Writer Mark Waid’s love for Superman shows through in this book, even when he has him making huge mistakes that come at a high price. This comic is perfect for anyone who says that Superman is boring because he’s perfect and never makes mistakes; he makes plenty of them in this book, and many suffer for it, but they come from a place of caring too much, instead of not caring enough. And Alex Ross’ art, as always, is breathtaking, giving us a definitive look for not just Superman, but for most of the DC characters.
Superman: Secret Origin by Geoff Johns & Gary Frank (2009/2010)
Superman’s origin story is one which is re-told over and over again, both in comics and in other media, but there’s a good reason for that; it’s a great story, mythological in all the right ways, borrowing from the Old and New Testament, Greek myths, and enough of its own All-American ingredients to make it something totally unique.
In 2009, Geoff Johns decided to follow up his run on Action Comics with Gary Frank by updating Superman’s origin yet again…but this time, he decided to put back most of the toys that John Byrne had taken away in the ’80s reboot of the character, and find a way to take all the Silver Age tropes, which had been deemed too silly in the ’80s and were jettisoned, and put them back into the mix. He found a way to re-introduce the idea of Clark’s career as Superboy, his relationship with the Legion of Super-Heroes, and the fact that he knew Lex Luthor from his Smallville days, and even Krypto the superdog, things that were all deemed to ridiculous for today’s comics, and made them all work within a modern comics context.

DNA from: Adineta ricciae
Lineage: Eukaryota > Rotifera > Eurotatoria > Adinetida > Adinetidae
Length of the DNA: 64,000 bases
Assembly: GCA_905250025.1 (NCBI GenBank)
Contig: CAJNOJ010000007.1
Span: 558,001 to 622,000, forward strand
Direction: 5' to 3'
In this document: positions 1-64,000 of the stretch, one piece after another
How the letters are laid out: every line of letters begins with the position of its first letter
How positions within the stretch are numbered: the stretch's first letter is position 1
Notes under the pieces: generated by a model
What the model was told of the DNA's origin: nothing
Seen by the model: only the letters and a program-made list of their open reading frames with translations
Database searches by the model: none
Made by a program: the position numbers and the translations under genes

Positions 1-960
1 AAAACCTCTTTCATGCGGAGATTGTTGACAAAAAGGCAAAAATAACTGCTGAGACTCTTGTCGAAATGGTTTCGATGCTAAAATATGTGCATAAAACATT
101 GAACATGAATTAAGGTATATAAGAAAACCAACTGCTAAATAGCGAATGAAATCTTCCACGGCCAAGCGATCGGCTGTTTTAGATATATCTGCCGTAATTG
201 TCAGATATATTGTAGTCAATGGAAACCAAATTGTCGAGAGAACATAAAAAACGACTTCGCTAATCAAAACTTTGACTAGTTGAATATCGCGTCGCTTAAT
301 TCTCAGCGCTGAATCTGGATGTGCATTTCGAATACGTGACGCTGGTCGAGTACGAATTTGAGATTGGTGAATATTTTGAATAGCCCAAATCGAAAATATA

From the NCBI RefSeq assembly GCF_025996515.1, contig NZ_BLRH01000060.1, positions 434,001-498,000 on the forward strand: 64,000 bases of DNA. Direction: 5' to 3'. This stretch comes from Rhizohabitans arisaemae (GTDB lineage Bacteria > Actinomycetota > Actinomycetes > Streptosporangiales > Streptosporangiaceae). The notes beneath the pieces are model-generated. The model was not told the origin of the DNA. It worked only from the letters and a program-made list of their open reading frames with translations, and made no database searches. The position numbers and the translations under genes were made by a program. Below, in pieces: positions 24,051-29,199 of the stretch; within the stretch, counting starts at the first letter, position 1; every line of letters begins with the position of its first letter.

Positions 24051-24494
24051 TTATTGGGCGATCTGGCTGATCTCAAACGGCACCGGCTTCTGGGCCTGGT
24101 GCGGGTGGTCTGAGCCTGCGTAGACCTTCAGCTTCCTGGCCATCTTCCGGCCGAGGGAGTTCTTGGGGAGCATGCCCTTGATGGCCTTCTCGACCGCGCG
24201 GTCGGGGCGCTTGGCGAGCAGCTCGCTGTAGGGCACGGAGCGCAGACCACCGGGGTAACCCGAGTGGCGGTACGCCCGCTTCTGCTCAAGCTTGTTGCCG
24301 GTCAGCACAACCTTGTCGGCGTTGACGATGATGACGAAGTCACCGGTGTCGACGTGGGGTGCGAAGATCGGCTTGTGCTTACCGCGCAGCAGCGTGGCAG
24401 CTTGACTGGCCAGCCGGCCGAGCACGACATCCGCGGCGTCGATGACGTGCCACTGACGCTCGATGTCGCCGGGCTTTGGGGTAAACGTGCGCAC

Somehow Geoff Johns made it not only not seem silly, but made you wonder why some of it was taken away in the first place, no matter how great (and needed) John Byrne’s Man of Steel reboot was. His versions of the main characters are the right mix of classic and modern, taking from not only the comics and but the more well known media incarnations as well (Gary Frank’s Superman is a dead ringer for Christopher Reeve, and a lot of Clark’s Smallville years were clearly inspired by the TV show of the same name.) Within one year, this version of Superman’s origin would be erased by the New 52 version, but luckily you can still read this story in several collection editions.
All-Star Superman by Grant Morrison and Frank Quitely
If you were asked to take one comic book that defines a character, and have that book represent everything that character represents, what would it be? In the case of Batman, most would say Frank Miller’s The Dark Knight Returns or Batman: Year One. But in the case of Superman, the popular consensus is Grant Morrsion and Frank Quitely’s All-Star Superman. Originally told over the course of twelve issues and two years, All-Star Superman tells the epic story of Superman’s imminent death, after he gets poisoned by intense solar radiation when saving the lives of several scientists in space and getting too close to the sun. He attempts to prepare for his end while accomplishing the 12 great feats he’s told he must accomplish before his time runs out.
Morrison manages to cover the depth and scope of Superman’s entire publishing history in one epic story; not being tied to any one continuity, Morrison takes from every era of the Man of Steel’s adventures, and pays proper homage to them all. He nails Clark’s relationship to Lois Lane and Jimmy Olsen, Lex Luthor and both of his fathers, Jor-El and Jonathan Kent. He even manages to give Superman one last, poignant day with Krypto. But maybe the best moment in the whole book comes when Superman saves a suicidal woman from jumping off a building, reminding us all just what the character is meant to represent. All-Star Superman isn’t just a great Superman comic, it’s one of the finest comic books ever made, period.